Jason: What can you find in the Pyramid’s basement?
Ingrid: The basement called “Le Carrousel du Louvre” is now a kind of mall where you can find many cultural stores and exhibitions but also a big Apple Store, which opened recently!
Okay, so now, let's take a look at the vocabulary for this lesson.
The first expression we shall see is:
Où ? [natural native speed]
Meaning “Where?”
Où ? [slowly - broken down by syllable]
Où ? [natural native speed]
Devant/ en face de [natural native speed]
Meaning “In front of”
Devant/ en face de [slowly - broken down by syllable]
Devant/ en face de [natural native speed]
Quelle heure? [natural native speed]
Meaning “What time?”
Quelle heure? [slowly - broken down by syllable]
Quelle heure? [natural native speed]
Dis-moi ! [natural native speed]
Meaning “Let me know!”
Dis-moi! [slowly - broken down by syllable]
Dis-moi! [natural native speed]
Arranger [natural native speed]
Meaning “to suit”
Arranger slowly - broken down by syllable]
Arranger[natural native speed]
Très bien[natural native speed]
Meaning “Great, perfect”
Très bien [slowly - broken down by syllable]
Très bien [natural native speed]
On dit… [natural native speed]
Meaning “Let’s say…”
On dit… [slowly - broken down by syllable]
On dit… [natural native speed]
Comment? [natural native speed]
Meaning “How?”
Comment? [slowly - broken down by syllable]
Comment? [natural native speed]
Let's have a closer look at the usage for some of the words and phrases from this lesson.
Jason: The first word is?
Ingrid: “où?”, which means “where?”
Jason: Next we have?
Ingrid: Next is “devant” which means “in front of”.
Jason: Could you say it again slowly for our listeners?
Ingrid: (Slowly) « devant »
Jason: And now in natural speed
Ingrid: (Natural speed) « devant »
Jason: Great! So this word can be used to specify the place where you will be waiting for example?
Ingrid: Yes, you can say “Je t’attends devant la Poste” for example which means “I’m waiting for you in front of the Post Office” or as in our conversation “On se retrouve devant la Pyramide du Louvre”
Jason: Yeah, so really convenient to find your friend! Next expression is?
Ingrid: Next is “Quelle heure?” which means “What time?”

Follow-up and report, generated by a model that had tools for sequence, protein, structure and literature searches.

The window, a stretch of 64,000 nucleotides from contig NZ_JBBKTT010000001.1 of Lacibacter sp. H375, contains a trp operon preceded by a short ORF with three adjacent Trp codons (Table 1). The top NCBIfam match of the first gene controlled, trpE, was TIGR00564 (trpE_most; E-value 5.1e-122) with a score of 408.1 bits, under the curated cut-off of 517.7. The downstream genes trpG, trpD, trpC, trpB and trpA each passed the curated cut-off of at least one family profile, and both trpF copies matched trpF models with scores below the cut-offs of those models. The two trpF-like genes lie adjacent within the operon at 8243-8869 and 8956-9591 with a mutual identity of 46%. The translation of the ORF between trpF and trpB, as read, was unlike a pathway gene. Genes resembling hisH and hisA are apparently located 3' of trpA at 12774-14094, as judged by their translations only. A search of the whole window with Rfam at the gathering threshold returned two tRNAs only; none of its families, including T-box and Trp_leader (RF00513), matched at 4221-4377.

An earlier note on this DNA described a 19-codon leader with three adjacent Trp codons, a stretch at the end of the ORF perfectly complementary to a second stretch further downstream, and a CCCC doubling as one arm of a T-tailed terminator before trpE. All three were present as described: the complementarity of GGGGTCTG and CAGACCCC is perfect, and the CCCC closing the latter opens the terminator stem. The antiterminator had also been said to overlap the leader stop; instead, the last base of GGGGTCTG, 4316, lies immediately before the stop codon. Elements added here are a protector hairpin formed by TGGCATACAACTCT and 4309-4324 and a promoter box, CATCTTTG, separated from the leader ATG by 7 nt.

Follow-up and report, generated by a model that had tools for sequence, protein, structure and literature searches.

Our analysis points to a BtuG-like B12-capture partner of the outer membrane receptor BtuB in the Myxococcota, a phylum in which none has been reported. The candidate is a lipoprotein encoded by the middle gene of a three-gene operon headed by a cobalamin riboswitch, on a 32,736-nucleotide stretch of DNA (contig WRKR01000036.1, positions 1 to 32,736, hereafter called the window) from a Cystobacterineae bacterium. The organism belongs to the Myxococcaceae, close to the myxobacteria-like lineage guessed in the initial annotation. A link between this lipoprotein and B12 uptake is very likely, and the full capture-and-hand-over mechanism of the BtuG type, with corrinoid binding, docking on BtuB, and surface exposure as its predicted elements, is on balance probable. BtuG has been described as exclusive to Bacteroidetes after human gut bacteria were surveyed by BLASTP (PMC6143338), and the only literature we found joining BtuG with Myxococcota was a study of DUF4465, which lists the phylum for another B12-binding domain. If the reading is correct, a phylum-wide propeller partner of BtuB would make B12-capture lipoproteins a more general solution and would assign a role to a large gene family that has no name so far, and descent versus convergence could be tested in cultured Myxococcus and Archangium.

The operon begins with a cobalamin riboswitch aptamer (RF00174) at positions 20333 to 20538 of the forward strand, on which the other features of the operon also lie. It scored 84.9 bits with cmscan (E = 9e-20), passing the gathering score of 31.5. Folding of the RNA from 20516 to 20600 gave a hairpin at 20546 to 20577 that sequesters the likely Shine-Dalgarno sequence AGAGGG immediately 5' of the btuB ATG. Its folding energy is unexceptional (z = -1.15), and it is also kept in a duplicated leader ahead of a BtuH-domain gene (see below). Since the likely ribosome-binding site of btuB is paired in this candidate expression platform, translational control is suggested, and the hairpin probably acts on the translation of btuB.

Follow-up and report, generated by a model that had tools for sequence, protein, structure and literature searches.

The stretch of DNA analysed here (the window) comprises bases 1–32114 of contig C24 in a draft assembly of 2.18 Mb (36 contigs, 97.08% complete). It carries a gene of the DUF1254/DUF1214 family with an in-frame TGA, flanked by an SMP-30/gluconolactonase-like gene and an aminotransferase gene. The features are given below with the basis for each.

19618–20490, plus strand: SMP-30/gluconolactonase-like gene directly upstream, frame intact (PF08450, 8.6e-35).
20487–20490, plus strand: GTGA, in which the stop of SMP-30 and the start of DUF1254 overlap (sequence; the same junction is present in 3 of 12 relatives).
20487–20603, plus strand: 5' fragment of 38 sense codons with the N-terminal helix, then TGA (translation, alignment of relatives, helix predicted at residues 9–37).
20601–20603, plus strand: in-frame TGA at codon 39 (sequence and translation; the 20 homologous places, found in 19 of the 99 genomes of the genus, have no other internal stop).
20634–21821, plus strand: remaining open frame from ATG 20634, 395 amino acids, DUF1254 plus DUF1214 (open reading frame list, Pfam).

Jason: Yeah, and this is really useful to set an appointment of course! What’s the next one?
Ingrid: Next is “Dis-moi!” which is the informal way to ask your friend “Let me know!” or “Please tell me!” Be careful not to use it in formal situations because it would sound rude!
Jason: What could you say for formal situations?
Ingrid: You could say « N’hésitez pas à me dire ce qui vous arrange le plus » which literally means « Do not hesitate to tell me what is better for you »
Jason: So we heard in your last example the verb “arranger.” What does it mean?
Ingrid: The verb “arranger” is the one to use for asking what would be the best solution for the other person. It implies that you are asking for the most suitable hour or place to have an appointment with this person.
Jason: So what is the next expression?
Ingrid: It is “Très bien,” which means “great” or “perfect” and serves to agree and to say something fits perfectly with your expectations.
Jason: Great, and what is the next expression?
Ingrid: Last expression is “On dit…” which would be the equivalent to “Let’s say…” You can use when talking about hour or place.
Jason: Yes, for example, what if you are suggesting to your friend an appointment at the Tour Eiffel at 3 o’clock?
Ingrid: We would say “On dit 3h devant la Tour Eiffel?”
Jason: And finally, the last interesting word here is?
Ingrid: It is “Comment?” which is an interrogative word meaning “How?” you will find more info about it in the grammar point just after this.
Jason: Great so now let’s move on to our grammar point!

Lesson focus

Jason: So today’s grammar point will help you to fix an appointment with a friend, telling him or her the place, the hour and the transportation thanks to an interrogative words such as Where? When? And How?